He doesn’t ever get to enjoy the banquet at the end of a meal, either. Even after his wild adventure in Rome with this book, he’s left tied up in his treehouse.
The man does enjoy his music, though. Nobody else does, but at least it makes him happy.
Sometimes I wonder, though, is his singing voice that bad, or is it just his choice of songs? A lot of the songs he chooses to sing are usually funny references to what’s going on in the book. In this book, for example, he sings “For Gaul Lang Syne” in Asterix and Obelix’s honor. He gives a rousing rending of my favorite, “Love Is a Menhir Splendid Thing” as Obelix is coming around the corner to free him from his cell.
Cacofonix is guilty of, if anything, “Dad Humor.” No wonder why I like him so much.
Back now to the story:
Uber for Asterix
Asterix and Obelix hitch a ride on a ship heading to Rome by sticking out their thumbs. As the narration explains, it doesn’t matter which way the thumb is pointing, since all roads lead to Rome. Even the maritime ones, it would seem.
But this ship might be the single funniest bit of the book. It’s a trading ship led by this book’s best name, Ekonomikrisis. Tired-looking men rowing the boat fill his ship’s galley, moving the boat along its merry way. Asterix almost naively asks if they are slaves, because duh, of course they are.
Ekonomikrisis denies it, calling them contractors who failed to read their contracts. It’s a much more clever bit of word play and logic when you read it in Goscinny’s words, but the pay-off comes when a pirate ship appears. Asterix and Obelix save the day while the contractors renegotiate their contracts. They’re pretty sure there’s nothing in their contracts about having to fight… They negotiate in the background while Obelix sinks the pirate ship.
And, yes, that pirate ship is the same pirate ship that appears multiple times throughout the series. They are an incomplete cameo in this book, so we’ll talk more about them in a future book…
Once In Rome
The two cultural things that Goscinny hits hardest on in Rome are the bath houses and the tall buildings.
Asterix and Obelix are completely bewildered by rooms you’d go into on purpose that are so hot they make you sweat. Obelix is happy to jump into a pool of cold water afterwards, even if he displaces all the water.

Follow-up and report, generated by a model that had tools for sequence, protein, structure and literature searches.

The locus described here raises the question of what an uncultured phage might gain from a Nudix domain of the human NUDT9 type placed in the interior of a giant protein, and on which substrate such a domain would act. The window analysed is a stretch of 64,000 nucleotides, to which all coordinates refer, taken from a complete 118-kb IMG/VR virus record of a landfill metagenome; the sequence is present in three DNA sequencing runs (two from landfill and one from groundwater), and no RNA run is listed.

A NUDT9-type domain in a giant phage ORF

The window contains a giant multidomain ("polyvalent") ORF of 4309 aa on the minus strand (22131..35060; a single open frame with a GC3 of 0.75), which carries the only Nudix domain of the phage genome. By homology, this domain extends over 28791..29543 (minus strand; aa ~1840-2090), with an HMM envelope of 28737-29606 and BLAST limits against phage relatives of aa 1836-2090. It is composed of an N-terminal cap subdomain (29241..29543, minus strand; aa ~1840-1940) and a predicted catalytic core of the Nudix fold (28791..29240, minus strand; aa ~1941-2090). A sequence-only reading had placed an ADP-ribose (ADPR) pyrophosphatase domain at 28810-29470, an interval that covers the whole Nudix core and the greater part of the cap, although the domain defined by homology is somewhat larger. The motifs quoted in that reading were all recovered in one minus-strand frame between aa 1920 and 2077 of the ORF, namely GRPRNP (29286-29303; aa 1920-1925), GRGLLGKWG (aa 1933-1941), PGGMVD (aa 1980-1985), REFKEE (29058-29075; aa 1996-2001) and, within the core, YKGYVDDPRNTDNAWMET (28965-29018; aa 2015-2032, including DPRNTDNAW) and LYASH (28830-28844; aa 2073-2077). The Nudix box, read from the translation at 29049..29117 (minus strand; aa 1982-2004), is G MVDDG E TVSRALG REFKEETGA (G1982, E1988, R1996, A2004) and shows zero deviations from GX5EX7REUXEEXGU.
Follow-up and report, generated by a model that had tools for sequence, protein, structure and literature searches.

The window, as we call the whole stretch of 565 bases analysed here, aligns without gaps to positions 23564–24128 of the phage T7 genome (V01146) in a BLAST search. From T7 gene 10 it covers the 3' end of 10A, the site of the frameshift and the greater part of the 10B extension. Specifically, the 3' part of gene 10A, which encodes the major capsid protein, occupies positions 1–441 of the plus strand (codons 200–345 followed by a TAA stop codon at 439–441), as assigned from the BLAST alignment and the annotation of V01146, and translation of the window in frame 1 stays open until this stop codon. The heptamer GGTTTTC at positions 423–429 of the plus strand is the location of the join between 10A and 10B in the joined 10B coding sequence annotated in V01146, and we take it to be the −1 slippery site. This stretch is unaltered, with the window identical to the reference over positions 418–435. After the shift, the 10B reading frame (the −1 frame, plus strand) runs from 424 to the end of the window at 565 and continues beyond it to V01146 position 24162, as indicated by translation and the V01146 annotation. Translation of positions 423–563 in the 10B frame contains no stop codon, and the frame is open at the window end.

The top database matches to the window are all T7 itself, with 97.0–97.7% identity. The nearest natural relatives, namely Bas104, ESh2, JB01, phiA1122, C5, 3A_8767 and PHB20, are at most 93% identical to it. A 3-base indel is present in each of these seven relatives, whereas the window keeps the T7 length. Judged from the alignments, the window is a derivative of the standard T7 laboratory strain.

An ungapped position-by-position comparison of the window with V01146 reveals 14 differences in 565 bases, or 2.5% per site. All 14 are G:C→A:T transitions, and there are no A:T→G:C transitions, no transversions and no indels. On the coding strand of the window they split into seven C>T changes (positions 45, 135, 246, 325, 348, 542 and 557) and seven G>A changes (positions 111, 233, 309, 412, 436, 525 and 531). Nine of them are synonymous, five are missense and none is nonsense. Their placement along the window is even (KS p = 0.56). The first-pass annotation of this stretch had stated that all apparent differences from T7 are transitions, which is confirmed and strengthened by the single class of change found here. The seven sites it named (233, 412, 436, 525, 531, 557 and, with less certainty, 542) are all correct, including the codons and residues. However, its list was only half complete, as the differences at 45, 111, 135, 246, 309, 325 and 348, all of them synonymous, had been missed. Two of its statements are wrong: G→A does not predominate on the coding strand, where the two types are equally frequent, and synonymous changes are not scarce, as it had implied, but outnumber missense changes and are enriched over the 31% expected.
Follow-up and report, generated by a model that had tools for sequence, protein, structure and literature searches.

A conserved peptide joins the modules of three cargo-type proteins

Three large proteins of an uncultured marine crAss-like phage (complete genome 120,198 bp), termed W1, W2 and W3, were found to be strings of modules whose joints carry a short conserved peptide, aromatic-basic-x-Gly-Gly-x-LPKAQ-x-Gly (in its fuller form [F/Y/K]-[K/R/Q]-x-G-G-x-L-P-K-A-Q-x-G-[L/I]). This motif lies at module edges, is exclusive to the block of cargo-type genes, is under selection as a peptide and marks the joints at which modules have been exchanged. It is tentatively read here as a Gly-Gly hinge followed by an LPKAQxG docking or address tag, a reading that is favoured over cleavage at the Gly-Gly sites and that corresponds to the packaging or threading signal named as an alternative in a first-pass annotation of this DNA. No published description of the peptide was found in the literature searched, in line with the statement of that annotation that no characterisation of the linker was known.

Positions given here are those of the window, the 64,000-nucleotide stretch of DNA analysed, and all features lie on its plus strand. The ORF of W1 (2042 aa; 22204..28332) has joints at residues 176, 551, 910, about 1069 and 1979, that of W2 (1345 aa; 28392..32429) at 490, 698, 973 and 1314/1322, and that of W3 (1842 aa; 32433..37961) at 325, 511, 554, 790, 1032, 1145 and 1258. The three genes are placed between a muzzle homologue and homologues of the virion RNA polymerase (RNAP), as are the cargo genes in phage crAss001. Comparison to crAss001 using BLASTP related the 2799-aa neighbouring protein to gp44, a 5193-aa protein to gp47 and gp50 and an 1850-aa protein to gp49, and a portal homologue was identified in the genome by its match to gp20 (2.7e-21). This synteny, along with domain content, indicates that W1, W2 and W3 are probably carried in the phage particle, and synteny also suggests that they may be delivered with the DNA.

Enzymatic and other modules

After that, they’re off to an insula, where they plan to meet a local Gaul for some help. An “insula” was a real thing in Rome at the time. It’s the equivalent of an apartment building, where people would live in units one on top of the other. It looks like the one in this story is about three stories tall, though they could run up to twice that in the old Roman times.
Units got smaller as you went up, and were also cheaper/less desirable as they were all walk-ups and harder to service. No elevators or doormen here.
Obelix, of course, thought this was a crazy idea, and Goscinny played with the idea of neighboring living in such close proximity that they often got on each other’s nerves. Obelix found it so crazy that he coined a phrase and used it repeatedly. We’ll get back to that in a minute.
Gladiators and Lions and Bread and Circuses
At the center of all this, of course, is the gladiatorial battle. Julius Caesar has decided to throw Cacofonix into the arena to fight other gladiators for entertainment. Obelix and Asterix catch wind of this and, as they so often do in this series, break into the gladiators quarters to join them, much to the amusement of the gladiator’s trainer, who was trying to track down and capture Asterix and Obelix to consign them to gladiatorial duties. And, once again, a jail cell proves to be no challenge for the two.
Asterix works his magic to save Cacofonix and all his fellow gladiators, while also getting revenge on the man who owned the gladiators and set them up for battle. It’s a silly and inspired plan, which neatly satisfies everyone in ways you’d least expect.